Not like Egyptian Tyrants consecrate,
Unmixed with others shall my dust remain,
But mould'ring, blending, melting into Earth,
Mine shall give form and colour to the Rose,
And while its vivid blossoms cheer Mankind,
Its perfumed odours shall ascend to Heaven.

We were unsuccessful in our search for epitaphs,

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but we came upon several tombstones raised to the memory of devoted wives and husbands, with spaces left for the surviving husband's or wife's name to be added when they died in due course; but in several cases no further addition has been made to the inscriptions. We presume, therefore, that in these cases both the surviving husbands and wives had consoled themselves with other partners, and rest elsewhere.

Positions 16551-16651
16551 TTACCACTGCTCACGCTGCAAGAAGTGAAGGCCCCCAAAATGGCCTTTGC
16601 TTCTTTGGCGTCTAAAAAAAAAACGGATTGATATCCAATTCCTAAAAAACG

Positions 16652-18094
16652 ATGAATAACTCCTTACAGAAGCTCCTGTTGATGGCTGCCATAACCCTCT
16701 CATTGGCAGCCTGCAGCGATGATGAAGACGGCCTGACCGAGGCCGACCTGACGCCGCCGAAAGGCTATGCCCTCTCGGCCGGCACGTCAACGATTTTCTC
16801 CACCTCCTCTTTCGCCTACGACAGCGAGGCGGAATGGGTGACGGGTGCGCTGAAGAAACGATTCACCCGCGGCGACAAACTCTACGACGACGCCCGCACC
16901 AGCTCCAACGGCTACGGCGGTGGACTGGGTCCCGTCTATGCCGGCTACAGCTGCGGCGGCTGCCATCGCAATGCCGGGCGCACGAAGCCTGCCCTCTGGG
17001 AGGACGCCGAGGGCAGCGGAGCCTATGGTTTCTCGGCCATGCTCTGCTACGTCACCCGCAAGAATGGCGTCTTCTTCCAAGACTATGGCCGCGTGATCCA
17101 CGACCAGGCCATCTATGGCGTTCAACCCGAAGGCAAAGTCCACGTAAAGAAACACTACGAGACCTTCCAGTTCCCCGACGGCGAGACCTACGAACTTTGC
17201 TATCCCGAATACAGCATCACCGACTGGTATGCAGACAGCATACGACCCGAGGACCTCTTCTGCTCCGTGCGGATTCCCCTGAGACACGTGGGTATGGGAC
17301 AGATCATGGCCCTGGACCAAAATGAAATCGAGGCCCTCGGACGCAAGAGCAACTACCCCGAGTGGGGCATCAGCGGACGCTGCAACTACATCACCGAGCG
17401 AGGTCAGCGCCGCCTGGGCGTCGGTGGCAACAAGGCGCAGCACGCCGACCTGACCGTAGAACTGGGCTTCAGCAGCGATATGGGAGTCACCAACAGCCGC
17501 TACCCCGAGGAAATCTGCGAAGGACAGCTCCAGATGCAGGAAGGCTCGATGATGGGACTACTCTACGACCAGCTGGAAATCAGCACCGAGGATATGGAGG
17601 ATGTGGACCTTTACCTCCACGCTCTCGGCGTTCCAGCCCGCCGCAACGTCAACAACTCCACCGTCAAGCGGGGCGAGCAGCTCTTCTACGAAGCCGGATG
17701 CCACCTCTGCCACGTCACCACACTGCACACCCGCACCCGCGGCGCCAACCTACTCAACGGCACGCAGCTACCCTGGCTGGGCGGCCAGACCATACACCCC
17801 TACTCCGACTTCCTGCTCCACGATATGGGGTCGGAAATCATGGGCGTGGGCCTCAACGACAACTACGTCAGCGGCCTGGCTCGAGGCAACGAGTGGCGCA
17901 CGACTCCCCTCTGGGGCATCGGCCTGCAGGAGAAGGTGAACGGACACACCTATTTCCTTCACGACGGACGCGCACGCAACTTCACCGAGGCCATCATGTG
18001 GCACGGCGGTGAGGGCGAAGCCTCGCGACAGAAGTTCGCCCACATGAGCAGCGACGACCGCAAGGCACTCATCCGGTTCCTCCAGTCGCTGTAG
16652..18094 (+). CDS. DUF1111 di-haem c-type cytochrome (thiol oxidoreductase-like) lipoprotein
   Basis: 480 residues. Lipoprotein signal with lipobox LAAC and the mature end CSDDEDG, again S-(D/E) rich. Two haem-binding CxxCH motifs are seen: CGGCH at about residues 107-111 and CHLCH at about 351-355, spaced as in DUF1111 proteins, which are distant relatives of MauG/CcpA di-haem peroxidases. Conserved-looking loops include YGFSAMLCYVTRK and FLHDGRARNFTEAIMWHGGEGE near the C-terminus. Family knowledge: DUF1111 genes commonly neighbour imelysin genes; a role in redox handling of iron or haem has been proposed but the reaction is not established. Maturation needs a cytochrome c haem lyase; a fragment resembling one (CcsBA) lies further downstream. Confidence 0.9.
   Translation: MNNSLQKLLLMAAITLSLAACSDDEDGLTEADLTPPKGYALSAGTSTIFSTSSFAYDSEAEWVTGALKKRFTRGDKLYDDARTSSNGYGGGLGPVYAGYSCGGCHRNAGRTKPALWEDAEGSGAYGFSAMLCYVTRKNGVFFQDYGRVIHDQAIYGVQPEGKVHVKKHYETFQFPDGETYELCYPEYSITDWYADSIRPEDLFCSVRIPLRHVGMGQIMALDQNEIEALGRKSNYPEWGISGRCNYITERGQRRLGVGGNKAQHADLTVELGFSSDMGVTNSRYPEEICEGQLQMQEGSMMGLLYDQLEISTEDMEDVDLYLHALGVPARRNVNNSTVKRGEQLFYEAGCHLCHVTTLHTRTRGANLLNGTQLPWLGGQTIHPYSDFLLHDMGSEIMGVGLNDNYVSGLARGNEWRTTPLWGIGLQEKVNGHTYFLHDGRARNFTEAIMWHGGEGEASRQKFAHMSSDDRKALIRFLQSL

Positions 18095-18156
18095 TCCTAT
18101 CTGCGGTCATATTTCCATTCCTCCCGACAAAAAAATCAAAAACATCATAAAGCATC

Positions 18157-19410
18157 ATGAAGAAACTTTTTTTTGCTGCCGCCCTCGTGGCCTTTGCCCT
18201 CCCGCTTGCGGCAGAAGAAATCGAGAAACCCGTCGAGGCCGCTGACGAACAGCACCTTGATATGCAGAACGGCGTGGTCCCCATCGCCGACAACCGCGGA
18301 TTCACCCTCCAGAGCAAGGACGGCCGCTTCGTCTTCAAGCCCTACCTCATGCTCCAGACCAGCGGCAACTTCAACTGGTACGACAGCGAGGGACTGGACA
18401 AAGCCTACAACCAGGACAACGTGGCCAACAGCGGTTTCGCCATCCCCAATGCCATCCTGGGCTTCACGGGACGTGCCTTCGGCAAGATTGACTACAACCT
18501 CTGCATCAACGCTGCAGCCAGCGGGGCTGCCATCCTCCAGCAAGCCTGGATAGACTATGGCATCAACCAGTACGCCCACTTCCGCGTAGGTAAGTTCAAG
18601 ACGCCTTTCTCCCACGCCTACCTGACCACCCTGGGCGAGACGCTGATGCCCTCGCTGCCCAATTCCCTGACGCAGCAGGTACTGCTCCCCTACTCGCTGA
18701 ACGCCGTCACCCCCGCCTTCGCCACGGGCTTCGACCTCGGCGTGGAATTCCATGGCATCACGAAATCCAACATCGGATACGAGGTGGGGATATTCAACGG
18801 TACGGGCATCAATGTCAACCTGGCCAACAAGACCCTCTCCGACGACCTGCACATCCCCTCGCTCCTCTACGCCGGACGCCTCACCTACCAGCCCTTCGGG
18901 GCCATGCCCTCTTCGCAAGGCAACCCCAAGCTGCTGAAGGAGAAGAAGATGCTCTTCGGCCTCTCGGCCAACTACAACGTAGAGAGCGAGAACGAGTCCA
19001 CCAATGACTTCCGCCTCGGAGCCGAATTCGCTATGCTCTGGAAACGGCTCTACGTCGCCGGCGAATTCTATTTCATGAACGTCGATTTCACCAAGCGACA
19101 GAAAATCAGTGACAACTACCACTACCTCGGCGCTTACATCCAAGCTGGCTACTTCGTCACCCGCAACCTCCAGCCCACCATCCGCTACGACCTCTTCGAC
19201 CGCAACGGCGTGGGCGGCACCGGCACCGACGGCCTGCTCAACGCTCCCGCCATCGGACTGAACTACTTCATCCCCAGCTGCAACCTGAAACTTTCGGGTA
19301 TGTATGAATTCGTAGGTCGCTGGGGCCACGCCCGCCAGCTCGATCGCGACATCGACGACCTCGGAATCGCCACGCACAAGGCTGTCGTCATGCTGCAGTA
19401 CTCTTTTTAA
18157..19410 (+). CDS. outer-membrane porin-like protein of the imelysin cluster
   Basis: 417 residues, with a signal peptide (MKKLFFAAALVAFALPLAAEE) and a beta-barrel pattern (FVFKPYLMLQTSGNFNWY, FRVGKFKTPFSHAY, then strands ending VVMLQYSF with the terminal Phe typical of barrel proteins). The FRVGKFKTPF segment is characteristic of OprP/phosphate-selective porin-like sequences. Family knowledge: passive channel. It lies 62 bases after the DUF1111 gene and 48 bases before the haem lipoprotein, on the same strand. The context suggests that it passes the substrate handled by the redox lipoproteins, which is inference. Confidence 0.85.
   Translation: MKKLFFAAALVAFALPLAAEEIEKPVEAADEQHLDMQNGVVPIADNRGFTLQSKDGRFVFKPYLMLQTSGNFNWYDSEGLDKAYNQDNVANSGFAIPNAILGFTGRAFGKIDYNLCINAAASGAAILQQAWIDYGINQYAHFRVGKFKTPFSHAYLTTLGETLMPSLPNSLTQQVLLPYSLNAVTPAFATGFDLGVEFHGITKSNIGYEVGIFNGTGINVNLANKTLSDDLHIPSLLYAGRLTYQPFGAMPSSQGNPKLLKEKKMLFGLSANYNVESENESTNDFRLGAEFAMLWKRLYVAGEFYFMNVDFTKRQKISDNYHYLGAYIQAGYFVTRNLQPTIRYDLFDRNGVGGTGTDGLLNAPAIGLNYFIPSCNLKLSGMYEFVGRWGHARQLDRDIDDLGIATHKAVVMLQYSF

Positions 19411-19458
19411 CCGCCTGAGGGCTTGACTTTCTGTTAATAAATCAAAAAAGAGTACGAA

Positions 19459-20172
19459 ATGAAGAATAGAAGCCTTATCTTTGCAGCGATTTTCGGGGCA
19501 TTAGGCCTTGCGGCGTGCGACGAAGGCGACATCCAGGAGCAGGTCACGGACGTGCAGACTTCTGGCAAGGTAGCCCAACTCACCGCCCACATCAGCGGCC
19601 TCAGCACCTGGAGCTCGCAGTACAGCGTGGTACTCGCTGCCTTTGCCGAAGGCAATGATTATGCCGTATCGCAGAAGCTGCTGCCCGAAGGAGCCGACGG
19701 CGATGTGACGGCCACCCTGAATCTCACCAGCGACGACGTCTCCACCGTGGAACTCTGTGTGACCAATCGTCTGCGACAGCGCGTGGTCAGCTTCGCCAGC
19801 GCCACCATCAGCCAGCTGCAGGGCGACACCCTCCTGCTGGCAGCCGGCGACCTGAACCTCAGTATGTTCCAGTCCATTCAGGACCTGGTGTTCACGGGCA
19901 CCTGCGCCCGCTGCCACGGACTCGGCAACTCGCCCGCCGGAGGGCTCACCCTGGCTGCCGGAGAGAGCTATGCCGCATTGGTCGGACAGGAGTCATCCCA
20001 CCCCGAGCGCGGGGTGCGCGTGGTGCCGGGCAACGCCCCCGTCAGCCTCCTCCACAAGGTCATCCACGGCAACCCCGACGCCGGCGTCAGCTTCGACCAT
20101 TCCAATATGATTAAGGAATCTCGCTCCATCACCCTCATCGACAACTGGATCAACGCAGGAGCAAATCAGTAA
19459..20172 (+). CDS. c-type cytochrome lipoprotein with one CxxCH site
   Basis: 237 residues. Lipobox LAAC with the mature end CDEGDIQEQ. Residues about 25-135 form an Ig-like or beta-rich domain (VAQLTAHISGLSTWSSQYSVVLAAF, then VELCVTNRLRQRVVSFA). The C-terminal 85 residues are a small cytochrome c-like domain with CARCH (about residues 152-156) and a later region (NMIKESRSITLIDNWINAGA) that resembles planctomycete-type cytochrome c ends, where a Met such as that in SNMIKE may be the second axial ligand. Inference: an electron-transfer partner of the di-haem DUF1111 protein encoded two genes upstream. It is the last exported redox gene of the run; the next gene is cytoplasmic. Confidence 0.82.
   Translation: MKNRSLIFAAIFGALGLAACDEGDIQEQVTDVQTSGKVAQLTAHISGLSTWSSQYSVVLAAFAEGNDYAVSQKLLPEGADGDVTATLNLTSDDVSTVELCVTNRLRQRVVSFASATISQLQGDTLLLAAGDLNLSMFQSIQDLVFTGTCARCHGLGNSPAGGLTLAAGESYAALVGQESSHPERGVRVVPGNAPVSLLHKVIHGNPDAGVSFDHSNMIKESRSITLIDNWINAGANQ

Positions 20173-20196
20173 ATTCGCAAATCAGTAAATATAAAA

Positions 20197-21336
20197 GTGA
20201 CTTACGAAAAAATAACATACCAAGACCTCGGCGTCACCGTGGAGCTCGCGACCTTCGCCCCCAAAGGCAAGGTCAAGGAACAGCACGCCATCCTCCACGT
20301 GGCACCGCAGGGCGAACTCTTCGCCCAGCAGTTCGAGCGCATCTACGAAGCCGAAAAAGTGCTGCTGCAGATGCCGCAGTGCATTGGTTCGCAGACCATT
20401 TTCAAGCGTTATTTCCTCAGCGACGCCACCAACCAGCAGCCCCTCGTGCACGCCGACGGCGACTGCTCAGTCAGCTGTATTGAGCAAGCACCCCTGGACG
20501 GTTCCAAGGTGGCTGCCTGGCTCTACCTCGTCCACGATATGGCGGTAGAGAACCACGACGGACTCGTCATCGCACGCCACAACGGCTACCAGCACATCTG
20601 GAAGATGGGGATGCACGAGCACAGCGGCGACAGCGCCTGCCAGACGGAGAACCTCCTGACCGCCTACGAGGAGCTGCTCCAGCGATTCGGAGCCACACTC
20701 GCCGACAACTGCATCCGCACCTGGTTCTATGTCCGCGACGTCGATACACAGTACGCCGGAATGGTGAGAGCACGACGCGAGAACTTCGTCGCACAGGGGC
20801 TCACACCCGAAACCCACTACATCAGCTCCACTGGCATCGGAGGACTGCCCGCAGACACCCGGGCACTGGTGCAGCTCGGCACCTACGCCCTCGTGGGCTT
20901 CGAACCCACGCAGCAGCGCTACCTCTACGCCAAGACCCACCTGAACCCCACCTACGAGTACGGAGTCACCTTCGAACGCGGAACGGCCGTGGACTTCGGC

The porch of the church is very fine, and is decorated with flint and stone panelling-so effective and frequent in Norfolk. It possesses an elaborately carved niche, from which the figure has been removed, probably at the Reformation; doubtless this contained an image of the Virgin Mary and Child. The ancient royal arms are also carved upon the porch. The tower of the church is fine, and shows markings plainly proving that the roof of the structure was formerly of a much higher pitch. This tower is protected by a lightning conductor. 'Nothing special about that, or worthy of mention,' you will probably exclaim, kind reader ; but, as a matter of fact, there are, as far as our experience goes, exceedingly few church towers protected from lightning; the so-called conductors that most have attached to them are simply no protection whatever. In the first place, these are frequently of iron, worn and rusted away, sometimes of copper rope so thin as to be useless, and not unfrequently carefully disconnected from the building by glass or porcelain holders, so that if the lightning were to strike any other part of the structure the